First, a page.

and he rose. His eyes traced the route he'd take once he emerged from the wild
into the park.
Boy on his mind, ax in hand, he spun and darted toward the trail that would
unite the two."
Do I recommend this book? Absolutely! One of the best novels I've ever read. I added it to my top ten list.
Comes A Horseman is being made into a major motion picture and I'm looking forward to that along with Robert Liparulo's next novel.
If you're looking to change minds about CBA fiction, this is the novel to give for Christmas to horror/thriller fans.
. Dark Star
. Creston Mapes
· Paperback: 400 pages
“Can Fame, Wealth, and Power Buy Happiness? Everett Lester and his band, DeathStroke, ride the crest of a wave to superstardom. But the deeper they become immersed in fame, wealth, and power, the more likely they are to be swallowed alive by the drugs, alcohol, and discontentment that have become their only friends. Everett is headed down a perilous road of no apparent return when he's charged with the murder of his personal psychic. The only hope he can cling to comes from Topeka , Kansas , and the letters written by a prayerful young lady who lives there. Consistent and persistent, the notes cut straight to Everett 's empty heart, offering a fulfillment he's never grasped before. But what if he's found guilty of murder? Will he recognize the spiritual battle that's raging for his soul?”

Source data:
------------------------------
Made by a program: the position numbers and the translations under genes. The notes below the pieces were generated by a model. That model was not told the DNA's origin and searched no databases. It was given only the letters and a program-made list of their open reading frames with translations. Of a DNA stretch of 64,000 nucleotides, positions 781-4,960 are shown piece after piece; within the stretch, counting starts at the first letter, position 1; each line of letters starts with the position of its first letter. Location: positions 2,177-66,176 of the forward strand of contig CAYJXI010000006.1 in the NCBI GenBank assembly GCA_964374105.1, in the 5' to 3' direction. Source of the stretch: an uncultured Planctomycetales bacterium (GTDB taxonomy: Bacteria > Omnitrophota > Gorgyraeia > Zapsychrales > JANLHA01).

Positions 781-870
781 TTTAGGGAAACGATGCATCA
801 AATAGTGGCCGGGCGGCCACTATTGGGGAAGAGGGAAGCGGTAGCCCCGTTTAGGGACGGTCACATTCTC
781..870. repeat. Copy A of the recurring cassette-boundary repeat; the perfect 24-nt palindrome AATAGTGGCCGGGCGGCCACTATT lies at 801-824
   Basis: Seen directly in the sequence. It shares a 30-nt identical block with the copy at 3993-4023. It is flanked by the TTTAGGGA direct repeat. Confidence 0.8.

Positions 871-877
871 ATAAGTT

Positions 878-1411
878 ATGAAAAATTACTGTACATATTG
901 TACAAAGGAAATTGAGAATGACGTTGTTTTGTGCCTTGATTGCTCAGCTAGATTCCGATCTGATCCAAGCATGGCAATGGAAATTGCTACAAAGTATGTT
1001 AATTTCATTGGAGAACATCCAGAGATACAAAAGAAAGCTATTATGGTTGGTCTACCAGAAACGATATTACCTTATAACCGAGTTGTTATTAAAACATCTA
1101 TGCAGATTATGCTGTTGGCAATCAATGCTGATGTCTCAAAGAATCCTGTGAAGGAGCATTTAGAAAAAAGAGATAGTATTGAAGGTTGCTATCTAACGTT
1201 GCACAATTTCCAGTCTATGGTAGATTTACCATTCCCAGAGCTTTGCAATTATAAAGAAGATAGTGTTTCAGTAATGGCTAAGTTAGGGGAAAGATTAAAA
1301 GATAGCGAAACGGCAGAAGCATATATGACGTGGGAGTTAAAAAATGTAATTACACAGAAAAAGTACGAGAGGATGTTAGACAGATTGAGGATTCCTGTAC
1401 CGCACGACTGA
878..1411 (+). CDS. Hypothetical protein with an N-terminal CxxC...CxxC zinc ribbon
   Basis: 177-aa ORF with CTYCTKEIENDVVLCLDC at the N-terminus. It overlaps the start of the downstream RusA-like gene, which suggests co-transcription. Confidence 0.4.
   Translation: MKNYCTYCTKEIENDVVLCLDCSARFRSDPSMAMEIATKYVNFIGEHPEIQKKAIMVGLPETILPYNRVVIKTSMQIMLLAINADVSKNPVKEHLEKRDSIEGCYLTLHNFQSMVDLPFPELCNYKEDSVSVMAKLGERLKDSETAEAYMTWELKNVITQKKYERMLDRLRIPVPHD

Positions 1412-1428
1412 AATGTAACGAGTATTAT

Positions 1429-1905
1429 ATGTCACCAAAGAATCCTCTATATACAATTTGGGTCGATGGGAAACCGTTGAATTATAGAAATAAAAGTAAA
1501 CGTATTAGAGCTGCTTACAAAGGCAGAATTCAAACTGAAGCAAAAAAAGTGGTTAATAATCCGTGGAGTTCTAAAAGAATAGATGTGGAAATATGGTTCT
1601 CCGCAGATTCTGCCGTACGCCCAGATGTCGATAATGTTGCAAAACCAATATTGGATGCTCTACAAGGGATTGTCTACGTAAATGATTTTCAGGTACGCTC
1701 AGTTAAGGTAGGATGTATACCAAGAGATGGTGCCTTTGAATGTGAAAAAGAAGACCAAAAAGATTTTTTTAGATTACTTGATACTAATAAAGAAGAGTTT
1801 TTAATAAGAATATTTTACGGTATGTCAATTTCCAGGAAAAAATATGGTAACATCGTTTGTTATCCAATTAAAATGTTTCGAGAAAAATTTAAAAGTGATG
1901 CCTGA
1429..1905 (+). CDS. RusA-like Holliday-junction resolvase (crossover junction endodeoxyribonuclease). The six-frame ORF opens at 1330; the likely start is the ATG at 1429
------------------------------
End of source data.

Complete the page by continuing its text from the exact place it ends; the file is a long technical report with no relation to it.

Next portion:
Reviewed by Gina Holmes
Dark Star is a story about sin, consequences and the power of love. God’s love, a friend’s love, and romantic love.
I expected a third person account of an out of control rock star told in chronological order with a conversion story near the end.
What Mapes delivers is a unique story told largely in flashbacks, first person, mixing past and present.
This is an unashamed Christian novel. The reader is not left guessing if the guitar was a symbol representing idolatry. The plan of salvation is laid out, along with lots of prayer and Biblical teaching.